Each week we take a close look at a comic book collectible. That means taking it out of the package. Last weekend was Star Wars Celebration in Anaheim, CA. Since it was right next door to Downtown Disney, I ventured over and saw an interesting thing -- Metal Earth 3D Model Kits for Star Wars vehicles.
There are some different options. At the Disney Store, they had a little display with the different objects you could build. It was a tough decision. I almost went with the AT-AT but instead I went for the X-Wing Starfighter. You can see the others on the back.
You can also see the price tag. It cost $14.95. I thought it was worth checking out.
Opening up the thin package, you can see all you get.
You get two thin sheets of metal along with the instructions. There's a lot of tiny pieces you need to very very carefully work off the sheets. The metal, being so thin, bends super easily. Some of the smaller pieces can break if you bend their joints or seams too much. You'll want to have plenty of light and a pair of needle nose pliers.
Here's a shot, in progress.
You can see the cockpit is a little bent. That's just from holding it, trying to put the pieces together. You can carefully reshape bent parts. To put it together, you slide the pegs into holes and then try to bend them or twist them to lock the pieces together.
I'll be perfectly honest, I did have one piece break. I also forgot to put in one of those rings you see up above. It was a long day and I did start getting a little frustrated. As it was approaching time to watch The Flash and Agents of SHIELD, I wondered if I was going to finish or if I should stop.
Here you can see how it looks. It's almost like a battle-damaged X-Wing, right?
I was impressed at how easily it stands. The thrusters in the back do weigh it down. In the earlier stage, it kept falling forward. And you can see that I could try to reshape some of the parts a little better.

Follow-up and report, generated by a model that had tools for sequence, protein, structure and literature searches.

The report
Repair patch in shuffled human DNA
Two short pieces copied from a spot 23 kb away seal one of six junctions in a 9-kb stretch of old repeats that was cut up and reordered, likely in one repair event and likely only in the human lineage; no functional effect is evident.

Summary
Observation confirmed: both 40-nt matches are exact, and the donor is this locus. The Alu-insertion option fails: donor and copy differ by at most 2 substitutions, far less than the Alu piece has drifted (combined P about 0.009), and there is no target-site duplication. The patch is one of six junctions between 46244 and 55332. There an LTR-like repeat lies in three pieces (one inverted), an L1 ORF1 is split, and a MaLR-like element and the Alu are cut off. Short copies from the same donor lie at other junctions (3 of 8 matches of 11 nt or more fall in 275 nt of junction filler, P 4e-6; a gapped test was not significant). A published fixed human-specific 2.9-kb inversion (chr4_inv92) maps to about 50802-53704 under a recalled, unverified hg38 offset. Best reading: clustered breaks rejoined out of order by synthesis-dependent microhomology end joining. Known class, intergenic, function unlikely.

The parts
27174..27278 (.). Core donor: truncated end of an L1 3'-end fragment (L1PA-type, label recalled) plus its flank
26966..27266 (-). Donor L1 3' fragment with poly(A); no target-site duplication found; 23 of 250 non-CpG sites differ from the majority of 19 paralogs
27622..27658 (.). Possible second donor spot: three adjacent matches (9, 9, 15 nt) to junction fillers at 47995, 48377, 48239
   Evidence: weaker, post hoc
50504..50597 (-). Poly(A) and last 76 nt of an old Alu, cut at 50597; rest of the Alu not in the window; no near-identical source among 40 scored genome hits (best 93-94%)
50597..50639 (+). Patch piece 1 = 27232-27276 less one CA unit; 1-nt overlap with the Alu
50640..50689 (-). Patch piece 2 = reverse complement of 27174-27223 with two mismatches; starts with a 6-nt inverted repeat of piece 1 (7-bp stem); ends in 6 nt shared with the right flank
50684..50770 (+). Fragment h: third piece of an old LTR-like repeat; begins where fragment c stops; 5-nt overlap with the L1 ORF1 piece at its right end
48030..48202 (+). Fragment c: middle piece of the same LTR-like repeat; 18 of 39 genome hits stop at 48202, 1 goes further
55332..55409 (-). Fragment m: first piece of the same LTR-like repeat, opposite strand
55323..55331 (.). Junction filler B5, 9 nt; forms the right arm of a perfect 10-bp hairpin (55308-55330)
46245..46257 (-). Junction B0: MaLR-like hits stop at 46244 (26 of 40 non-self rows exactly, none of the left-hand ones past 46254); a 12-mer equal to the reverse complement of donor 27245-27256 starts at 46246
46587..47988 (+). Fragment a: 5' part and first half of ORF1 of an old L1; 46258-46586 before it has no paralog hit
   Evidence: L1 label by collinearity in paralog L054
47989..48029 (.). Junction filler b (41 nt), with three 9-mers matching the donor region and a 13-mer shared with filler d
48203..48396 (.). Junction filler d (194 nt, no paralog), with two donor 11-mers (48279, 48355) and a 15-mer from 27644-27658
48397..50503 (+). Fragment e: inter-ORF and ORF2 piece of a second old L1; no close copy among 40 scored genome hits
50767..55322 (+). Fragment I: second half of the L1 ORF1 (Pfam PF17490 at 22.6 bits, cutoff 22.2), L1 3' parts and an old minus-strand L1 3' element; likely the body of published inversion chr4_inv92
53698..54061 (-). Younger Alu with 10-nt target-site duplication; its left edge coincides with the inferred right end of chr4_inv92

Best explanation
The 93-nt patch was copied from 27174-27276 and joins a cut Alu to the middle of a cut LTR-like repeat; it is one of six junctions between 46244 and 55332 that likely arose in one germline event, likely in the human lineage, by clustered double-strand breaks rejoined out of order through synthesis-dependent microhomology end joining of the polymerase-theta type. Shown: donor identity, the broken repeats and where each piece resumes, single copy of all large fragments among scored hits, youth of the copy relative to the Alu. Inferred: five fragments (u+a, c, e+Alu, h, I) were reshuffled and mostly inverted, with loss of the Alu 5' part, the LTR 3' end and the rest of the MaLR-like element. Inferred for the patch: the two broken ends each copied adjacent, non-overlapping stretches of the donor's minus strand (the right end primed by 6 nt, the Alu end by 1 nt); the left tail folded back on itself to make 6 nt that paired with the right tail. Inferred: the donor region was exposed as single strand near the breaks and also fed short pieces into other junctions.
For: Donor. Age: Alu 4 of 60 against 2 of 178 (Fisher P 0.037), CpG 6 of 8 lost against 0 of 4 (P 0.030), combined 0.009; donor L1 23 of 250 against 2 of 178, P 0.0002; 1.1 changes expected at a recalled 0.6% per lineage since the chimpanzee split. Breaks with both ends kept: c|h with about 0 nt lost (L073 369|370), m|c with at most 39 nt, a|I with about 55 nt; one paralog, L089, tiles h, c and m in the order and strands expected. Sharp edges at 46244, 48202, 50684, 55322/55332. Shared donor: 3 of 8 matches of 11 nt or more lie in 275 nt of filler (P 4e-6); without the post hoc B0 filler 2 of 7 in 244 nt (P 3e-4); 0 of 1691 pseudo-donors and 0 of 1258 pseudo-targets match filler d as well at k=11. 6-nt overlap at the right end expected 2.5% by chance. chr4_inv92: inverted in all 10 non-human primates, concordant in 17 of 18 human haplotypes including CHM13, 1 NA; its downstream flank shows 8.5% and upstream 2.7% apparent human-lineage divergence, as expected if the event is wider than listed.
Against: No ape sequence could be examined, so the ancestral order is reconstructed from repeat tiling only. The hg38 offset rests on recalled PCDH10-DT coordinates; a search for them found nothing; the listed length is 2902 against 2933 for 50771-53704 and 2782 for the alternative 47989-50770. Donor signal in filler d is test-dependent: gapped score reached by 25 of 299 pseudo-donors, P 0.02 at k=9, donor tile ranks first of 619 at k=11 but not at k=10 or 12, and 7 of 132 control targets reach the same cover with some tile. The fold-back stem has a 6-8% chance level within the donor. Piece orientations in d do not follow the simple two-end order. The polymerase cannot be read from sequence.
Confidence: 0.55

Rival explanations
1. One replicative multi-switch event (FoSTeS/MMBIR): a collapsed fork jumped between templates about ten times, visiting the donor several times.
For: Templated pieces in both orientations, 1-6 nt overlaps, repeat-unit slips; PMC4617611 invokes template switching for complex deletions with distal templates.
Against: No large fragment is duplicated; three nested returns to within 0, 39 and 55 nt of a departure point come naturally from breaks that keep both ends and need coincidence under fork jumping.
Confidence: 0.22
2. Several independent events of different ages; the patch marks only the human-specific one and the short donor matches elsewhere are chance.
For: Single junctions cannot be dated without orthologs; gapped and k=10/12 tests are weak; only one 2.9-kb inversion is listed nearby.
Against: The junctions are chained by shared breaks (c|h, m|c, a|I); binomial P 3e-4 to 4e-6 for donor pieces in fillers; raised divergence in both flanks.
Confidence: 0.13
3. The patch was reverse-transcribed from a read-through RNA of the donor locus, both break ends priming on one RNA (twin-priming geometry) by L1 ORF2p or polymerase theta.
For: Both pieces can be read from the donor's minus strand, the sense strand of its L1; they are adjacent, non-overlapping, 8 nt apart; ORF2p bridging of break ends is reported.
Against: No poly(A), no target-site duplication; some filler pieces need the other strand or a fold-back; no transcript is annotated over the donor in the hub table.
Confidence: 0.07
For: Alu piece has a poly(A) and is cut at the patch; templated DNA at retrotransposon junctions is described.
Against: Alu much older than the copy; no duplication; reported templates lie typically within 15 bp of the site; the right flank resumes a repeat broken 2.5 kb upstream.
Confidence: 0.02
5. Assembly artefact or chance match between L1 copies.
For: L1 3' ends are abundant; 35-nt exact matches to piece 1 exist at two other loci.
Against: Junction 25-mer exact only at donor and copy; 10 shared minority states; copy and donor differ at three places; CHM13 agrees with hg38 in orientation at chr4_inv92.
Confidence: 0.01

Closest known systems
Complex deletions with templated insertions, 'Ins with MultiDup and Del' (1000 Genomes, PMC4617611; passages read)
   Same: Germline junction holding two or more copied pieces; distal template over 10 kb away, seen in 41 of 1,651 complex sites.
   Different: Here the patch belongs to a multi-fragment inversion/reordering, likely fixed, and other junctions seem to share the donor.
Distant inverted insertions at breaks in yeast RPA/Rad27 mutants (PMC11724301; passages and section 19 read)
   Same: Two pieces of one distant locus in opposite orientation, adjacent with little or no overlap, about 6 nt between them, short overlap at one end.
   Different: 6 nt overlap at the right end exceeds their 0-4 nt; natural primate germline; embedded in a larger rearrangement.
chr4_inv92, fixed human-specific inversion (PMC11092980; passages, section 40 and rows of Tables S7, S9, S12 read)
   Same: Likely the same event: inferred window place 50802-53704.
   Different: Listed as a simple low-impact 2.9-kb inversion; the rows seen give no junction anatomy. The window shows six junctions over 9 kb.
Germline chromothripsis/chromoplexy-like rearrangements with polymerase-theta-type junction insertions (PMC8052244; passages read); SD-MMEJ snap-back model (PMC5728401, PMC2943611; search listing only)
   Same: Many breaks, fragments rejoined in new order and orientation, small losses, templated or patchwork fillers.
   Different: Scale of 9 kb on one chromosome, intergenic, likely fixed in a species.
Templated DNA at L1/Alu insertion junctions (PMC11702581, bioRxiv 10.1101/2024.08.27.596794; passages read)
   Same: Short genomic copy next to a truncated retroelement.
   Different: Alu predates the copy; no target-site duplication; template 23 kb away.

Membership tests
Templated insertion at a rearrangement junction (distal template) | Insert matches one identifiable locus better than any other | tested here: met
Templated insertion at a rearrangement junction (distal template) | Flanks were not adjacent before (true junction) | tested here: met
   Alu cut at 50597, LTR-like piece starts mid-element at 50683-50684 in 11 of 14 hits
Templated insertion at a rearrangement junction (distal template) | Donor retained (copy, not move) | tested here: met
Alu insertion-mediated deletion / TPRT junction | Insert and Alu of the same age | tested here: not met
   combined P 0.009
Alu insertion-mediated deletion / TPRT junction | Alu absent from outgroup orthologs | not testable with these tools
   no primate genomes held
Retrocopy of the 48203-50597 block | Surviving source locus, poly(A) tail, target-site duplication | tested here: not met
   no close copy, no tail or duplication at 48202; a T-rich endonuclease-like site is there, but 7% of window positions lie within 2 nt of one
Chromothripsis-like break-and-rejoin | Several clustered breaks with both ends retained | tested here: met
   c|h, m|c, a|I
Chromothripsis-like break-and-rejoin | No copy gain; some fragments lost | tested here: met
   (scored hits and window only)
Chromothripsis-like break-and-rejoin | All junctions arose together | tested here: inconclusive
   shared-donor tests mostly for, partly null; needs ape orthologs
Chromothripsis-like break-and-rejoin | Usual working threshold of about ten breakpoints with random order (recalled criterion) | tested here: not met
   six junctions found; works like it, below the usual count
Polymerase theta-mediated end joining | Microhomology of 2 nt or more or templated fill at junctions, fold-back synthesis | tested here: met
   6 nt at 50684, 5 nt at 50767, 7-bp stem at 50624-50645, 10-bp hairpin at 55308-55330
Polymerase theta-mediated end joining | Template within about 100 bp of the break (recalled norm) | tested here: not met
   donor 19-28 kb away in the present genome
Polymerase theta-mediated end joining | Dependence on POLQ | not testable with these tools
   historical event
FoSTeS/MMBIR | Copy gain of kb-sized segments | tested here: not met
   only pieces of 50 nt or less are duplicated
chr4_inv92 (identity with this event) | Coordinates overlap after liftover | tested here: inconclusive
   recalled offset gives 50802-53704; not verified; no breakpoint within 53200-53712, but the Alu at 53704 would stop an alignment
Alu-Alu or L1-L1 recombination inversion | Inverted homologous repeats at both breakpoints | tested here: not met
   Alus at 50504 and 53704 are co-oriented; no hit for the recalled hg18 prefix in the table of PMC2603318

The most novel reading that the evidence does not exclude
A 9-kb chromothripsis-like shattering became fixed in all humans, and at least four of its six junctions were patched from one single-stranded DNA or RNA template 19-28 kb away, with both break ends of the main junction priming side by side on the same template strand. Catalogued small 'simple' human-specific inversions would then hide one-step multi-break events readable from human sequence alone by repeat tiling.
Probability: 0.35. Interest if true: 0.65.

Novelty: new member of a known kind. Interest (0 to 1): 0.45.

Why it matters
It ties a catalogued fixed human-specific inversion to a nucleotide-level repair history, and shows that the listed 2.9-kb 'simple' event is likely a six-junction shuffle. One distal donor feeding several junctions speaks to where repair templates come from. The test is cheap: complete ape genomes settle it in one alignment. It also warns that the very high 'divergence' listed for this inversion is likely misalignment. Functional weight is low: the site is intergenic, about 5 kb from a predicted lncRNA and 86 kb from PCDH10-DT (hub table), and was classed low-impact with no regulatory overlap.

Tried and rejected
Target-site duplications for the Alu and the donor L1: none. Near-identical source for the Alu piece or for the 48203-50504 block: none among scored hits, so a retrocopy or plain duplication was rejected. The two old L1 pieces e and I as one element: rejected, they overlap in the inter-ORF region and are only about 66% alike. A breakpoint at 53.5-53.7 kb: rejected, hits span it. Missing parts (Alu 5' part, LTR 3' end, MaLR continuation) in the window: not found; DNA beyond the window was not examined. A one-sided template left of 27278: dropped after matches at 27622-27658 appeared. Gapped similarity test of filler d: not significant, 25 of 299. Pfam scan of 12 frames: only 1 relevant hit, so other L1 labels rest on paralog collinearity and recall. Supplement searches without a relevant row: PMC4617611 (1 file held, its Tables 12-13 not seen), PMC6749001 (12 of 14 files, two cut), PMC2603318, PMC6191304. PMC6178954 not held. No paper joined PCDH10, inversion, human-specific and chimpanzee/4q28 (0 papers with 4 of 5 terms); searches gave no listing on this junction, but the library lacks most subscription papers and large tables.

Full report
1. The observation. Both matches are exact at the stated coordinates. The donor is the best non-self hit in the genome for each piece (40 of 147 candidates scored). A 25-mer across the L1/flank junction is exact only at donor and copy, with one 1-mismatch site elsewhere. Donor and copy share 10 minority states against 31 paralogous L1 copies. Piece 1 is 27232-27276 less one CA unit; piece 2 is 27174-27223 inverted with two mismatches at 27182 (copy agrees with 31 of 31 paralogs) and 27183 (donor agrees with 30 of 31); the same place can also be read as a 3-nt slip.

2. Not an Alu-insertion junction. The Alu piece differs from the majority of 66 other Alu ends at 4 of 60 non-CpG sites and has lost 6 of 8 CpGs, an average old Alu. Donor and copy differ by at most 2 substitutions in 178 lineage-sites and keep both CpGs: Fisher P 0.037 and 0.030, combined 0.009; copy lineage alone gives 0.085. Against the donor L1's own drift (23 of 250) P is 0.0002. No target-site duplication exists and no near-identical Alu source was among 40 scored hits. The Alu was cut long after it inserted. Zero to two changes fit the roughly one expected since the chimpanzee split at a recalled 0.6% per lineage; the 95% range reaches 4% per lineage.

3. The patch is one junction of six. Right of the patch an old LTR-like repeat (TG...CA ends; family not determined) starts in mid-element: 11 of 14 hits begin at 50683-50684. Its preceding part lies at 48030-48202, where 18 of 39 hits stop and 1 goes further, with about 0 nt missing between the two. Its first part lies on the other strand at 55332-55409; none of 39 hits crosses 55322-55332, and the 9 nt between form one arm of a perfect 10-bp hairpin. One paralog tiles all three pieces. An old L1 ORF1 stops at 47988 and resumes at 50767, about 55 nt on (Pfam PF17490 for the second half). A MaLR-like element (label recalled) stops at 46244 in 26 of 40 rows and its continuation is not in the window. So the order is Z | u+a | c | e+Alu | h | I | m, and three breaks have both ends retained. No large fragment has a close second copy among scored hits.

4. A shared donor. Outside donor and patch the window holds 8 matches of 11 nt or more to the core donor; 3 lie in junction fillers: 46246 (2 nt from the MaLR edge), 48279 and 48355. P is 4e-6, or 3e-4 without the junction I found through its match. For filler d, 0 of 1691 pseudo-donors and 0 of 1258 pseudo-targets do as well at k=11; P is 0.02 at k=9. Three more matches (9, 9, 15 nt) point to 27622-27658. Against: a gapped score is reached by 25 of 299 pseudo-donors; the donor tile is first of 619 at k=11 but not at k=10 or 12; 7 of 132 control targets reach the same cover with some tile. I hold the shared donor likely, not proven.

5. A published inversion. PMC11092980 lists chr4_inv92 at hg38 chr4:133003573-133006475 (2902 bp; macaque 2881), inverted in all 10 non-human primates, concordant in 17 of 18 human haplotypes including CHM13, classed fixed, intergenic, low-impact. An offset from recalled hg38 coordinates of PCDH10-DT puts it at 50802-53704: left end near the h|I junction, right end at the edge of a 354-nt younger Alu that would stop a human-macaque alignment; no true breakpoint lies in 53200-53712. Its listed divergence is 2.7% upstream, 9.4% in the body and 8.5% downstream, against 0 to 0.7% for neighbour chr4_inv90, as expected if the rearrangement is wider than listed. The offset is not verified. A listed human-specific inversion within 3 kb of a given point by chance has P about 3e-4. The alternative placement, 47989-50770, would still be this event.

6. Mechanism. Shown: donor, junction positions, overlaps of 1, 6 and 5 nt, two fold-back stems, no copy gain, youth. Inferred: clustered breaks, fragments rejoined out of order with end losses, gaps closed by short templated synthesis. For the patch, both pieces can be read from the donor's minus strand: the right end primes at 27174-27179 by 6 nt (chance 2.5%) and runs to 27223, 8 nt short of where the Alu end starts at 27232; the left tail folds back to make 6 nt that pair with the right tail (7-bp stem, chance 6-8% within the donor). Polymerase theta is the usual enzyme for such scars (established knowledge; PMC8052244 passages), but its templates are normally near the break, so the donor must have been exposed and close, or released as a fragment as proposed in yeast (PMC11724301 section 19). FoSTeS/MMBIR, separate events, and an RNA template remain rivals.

Here you'll see where I left off one of the rings. The metal is hard to curve into perfectly circular shapes. The needle nose pliers could help but the metal also scratches very very easily so you'll want to be careful with that too.
That missing ring does help give it the appearance of being perfectly circular.
I almost lost my mind when I had to fold the pilot into shape. There's also an Artoo unit that fits in the back.
The stand does have the name carved into it. This makes the display look a little more impressive.
Here's a shot from the back. Can you tell which thruster got busted?
This was a cool model. As the package says, no glue or solder needed. Any of them would look cool sitting on your desk. You just have to have a lot of patience and either small hands or a good pair of pliers. Just be careful not to scratch the surface. Is it fifteen dollars cool? It's hard to say. The model is on the small size. But it does have a nice novelty feel. You will have the satisfaction of building it. God bless my daughter, she was very impressed and proud of my attempt.
I'd still like to have the AT-AT or even the Star Destroyer. I just don't know if I'd want to pay that amount for another model or two. Plus I don't know if I could go through the process again. I did scratch up my nails a little, scraping them on the metal. It was a very interesting experience and now I have a slightly banged up model I can say I built myself.
What are your thoughts on the kit?